Medical cannabis legalization continues to sweep the world. Let’s take a look at some major movements in Germany and Greece this week.
In March 2017, Germany became the largest federally legal medical marijuana market in the world and they also have a great medical insurance program where every German citizen is mandated to have health coverage (through a private company), and some of their insurance firms are covering medical marijuana in their plans which makes medical cannabis accessible to the country’s 70 million insured people.
Three large insurance firms – Allgemeine Ortskrankenkasse, Barmer, and Techniker Krankenkasse – told the Rheinische Post that they approved MMJ reimbursement applications for about two-thirds of all applicants in 2017. The medical demand for marijuana in 2017 was up to approximately 13,000 applicants granted reimbursements by the end of the year, a significant increase since the beginning of the program in March 2017, at which time there were only 1,000 applicants.
Germany is not able to produce cannabis domestically yet, and are currently relying on importing the medication, mostly from Canada and the Netherlands. They are planning to start cultivation in 2019. According to the Associated Press, the German Federal Institute for Drugs and Medical Devices (BfArM) is currently working to establish an agency to sift through private business bids to grow MMJ for their patients.
The agency will be working on and regulating the current importing of medical marijuana from Canada and the Netherlands and will oversee the cultivation, storage and subsequent distribution to pharmacies across Germany. The agency is also expected to invite bids from European Union companies to carry out cultivation domestically as soon as 2019, when they are able to start cultivating their own cannabis products.
“Cannabis is not a panacea,” emphasizes the Federal Government Drugs Commissioner, Marlene Mortler (CSU). She nevertheless rates the high number of applications as positive: “The increasing number of permits shows how important it was to launch this law last year.”
Currently, doctors and physicians are able to prescribe medical cannabis for specific illnesses and symptoms, including chronic pain, epilepsy, multiple sclerosis and decreased appetite or nausea resulting from cancer treatments. Medical cannabis is only sold in pharmacies and patients are not legally able to grow or cultivate their own marijuana right now, though that may change in the future. At the moment, this is in place because there is no way to regulate personal cultivation and ensure that the product is medical-grade and able to treat diseases and difficult symptoms.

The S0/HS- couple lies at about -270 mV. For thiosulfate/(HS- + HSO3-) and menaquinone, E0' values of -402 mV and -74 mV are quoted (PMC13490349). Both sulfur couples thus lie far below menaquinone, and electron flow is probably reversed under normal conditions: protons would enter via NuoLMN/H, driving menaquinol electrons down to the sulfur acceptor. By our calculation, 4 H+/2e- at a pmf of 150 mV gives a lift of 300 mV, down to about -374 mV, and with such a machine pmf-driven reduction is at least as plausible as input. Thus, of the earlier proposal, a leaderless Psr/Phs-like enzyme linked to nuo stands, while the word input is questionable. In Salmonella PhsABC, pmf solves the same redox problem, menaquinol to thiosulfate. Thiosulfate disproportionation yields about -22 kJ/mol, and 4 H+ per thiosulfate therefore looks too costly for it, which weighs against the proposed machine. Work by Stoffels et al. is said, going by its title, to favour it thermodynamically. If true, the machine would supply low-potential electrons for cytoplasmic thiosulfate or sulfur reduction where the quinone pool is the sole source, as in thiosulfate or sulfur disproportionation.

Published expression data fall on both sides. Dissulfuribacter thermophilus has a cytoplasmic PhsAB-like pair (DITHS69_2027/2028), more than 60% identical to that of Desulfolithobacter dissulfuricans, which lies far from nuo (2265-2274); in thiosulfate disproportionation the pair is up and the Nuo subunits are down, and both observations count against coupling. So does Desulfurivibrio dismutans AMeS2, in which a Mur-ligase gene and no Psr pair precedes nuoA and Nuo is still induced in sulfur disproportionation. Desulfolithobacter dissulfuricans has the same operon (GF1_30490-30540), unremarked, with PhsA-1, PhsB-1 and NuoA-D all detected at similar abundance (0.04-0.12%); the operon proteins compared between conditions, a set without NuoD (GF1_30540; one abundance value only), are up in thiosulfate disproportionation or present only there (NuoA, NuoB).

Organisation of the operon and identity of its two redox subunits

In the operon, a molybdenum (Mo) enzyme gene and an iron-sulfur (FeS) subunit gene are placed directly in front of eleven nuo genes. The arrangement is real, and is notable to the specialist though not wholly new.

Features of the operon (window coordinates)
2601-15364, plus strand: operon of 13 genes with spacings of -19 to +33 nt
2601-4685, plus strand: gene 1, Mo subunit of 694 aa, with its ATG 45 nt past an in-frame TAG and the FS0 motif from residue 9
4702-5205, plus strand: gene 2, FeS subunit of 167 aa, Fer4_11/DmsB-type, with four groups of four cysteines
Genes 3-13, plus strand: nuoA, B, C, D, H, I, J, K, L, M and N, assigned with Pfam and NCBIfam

One of Greece’s deputy ministers said last week that the country’s parliament is expected to approve the medical use of cannabis in the coming weeks, and added that the change would likely attract investors and major cannabis companies to the small country. There are Greek, Israeli and Canadian companies already showing an interest in possibly investing in the cannabis market in Greece and estimates put the number of investing dollars at approximately 1.5-2 billion euros (USD $1.8-2.4b).
“In a few weeks’ time, an amendment will be brought to parliament to define the legislative framework for the cultivation and manufacturing of pharmaceutical products based on medical cannabis, which will open the way for Greek and foreign investments,” deputy agricultural development minister Yannis Tsironis told AFP.
In 2017, the Greek government authorized the import of several pharmaceutical products based on medical marijuana, as well as hemp cultivation for industrial purposes for the first time and this is showing great promise.
On Friday, January 12, 2018, the very first Greek cannabis expo, Athens Cannabis Expo 2018, debuted at the Coastal Zone Olympic Complex in Faliro, which was the site of the 2004 Athens Summer Olympics. The expo is to raise awareness about the medicinal and industrial uses of the marijuana plant. More than 100 businesses from both Greece and around the world exhibited, all who specialize in the use of cannabis in both the medical industry and others.
Many Greek lawmakers were in attendance, including Alternate Agriculture Development Minister Yiannis Tsironis and Economy and Development Secretary General Efstratios Zafiris.